Irineos loyalists had said the deposed leader would attend Easter ceremonies last weekend, which would have ignited tensions. But he stayed away at police request.
Theofilos has petitioned Israel’s Supreme Court for state recognition. Church rules require approval from all three governments where his flock lives. Unlike Israel, Jordan and the Palestinian Authority affirmed Theofilos’ election.
Catholic broadcasting network kept abusive priest on staff
BIRMINGHAM, Ala. (AP) – A major Roman Catholic TV and radio ministry kept a priest on its staff for nearly seven years despite knowing of his history as an admitted child abuser.
The Birmingham-based, conservative Eternal Word Television Network said the Rev. Real Bourque led Masses and staff Bible studies and gave talks at retreats but wasn’t allowed on the air or to be around young people after 1995, when executives learned of his past. Bourque left EWTN in 2002.
The priest’s past was revealed by bishopaccountability.org and Leon J. Podles, who is writing a book about the abuse issue.
Bourque, 78, who hasn’t been charged with any crimes, now lives in a Catholic retirement home in Belleville, Ill. Last week The Belleville News-Democrat reported that Bourque admitted sexually abusing boys in the 1970s and 1980s in Maine and Massachusetts. There were no reports of misconduct during his time in Alabama.
Bourque joined EWTN in 1991. When allegations against him surfaced in 1993, his religious order, the Missionary Oblates of Mary Immaculate, sent him for treatment. EWTN Chairman William Steltemeier wrote Podles that Bourque was permitted to return for limited duties “in the spirit of compassion.”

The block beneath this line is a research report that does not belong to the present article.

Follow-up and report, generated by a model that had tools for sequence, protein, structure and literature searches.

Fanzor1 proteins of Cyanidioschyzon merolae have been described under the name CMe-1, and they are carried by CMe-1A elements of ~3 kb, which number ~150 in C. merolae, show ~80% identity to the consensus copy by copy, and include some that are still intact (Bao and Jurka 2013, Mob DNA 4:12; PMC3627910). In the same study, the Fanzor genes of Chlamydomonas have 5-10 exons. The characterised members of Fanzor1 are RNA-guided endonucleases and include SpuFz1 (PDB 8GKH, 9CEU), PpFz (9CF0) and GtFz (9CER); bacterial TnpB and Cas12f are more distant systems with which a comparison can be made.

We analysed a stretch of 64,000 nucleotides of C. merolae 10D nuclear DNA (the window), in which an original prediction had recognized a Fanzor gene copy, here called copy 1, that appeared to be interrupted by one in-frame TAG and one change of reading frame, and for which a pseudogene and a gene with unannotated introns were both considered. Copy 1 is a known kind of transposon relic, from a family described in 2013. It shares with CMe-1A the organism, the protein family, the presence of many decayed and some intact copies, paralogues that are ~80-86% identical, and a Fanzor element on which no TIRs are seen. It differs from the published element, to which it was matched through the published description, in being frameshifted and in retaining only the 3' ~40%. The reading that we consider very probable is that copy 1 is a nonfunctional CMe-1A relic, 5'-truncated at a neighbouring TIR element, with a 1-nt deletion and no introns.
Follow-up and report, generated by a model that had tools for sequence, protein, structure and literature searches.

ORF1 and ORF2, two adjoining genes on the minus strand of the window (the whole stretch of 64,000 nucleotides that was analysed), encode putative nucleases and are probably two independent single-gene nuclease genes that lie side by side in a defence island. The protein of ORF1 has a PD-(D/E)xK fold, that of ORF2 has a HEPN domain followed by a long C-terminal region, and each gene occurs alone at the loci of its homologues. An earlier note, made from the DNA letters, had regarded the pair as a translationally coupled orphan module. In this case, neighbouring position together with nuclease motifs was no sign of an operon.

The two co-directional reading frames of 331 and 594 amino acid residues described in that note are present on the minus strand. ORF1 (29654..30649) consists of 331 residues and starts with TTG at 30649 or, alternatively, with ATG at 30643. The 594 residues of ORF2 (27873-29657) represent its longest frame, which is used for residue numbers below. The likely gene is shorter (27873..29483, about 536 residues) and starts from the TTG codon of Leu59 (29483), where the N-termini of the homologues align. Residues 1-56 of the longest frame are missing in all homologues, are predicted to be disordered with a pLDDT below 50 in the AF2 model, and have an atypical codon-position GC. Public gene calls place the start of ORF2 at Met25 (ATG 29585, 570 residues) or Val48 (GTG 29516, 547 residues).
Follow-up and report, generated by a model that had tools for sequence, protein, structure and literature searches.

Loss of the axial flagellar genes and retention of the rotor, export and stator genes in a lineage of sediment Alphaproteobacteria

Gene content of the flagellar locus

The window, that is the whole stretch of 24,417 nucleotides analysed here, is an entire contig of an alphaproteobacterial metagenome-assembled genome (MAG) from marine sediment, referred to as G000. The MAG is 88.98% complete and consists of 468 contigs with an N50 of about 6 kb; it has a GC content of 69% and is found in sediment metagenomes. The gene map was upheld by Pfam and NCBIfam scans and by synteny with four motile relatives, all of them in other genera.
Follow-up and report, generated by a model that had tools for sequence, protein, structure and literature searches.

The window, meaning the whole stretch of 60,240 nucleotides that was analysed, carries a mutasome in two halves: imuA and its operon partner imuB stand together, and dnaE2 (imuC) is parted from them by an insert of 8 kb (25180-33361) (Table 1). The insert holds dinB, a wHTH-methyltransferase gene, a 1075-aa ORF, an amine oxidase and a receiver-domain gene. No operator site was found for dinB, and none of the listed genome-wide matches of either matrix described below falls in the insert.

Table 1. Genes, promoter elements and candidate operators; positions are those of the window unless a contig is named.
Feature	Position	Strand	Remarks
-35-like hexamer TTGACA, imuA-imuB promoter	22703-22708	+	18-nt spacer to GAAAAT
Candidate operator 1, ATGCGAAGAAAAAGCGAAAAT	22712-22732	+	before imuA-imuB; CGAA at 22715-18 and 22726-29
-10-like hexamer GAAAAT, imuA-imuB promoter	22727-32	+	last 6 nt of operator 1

Responding in writing to The Associated Press, EWTN President Michael P. Warsaw said “we should have asked a lot more questions” before letting Bourque remain with the network.
Commission rules for ex-Amish woman in discrimination case
LOUISVILLE, Ky. (AP) – Kentucky’s Commission on Human Rights has ruled in favor of a former Amish woman who claimed she was discriminated against by an Amish thrift store owner who refused to serve her.
Erma Troyer, who owns the Rocky Top Salvage store in an Amish enclave at Cub Run, Ky., was ordered to serve Ruth Irene Garrett, an author on Amish life who left the faith.
Troyer used a religious freedom defense, saying church doctrine prevented her from taking money from those shunned by the Amish.
The commission ordered Troyer to pay $100 to Garrett for embarrassment caused by the confrontation.
Troyer, who declined comment, can appeal the order to a circuit court.
The case stemmed from an Oct. 15, 2003, confrontation. Garrett attempted to purchase groceries. Troyer refused to ring up the items because she recognized Garrett from one of the books Garrett wrote about the Amish life she had left. Troyer said she even offered to give Garrett the groceries for free.
Garrett said last week that she expected to shop at Troyer’s store in the future.
Emily Riggs Hartlage, a Human Rights Commission staff attorney, said she hoped the order – which applies to other consumers – “empowers other shunned Amish people to assert their rights.”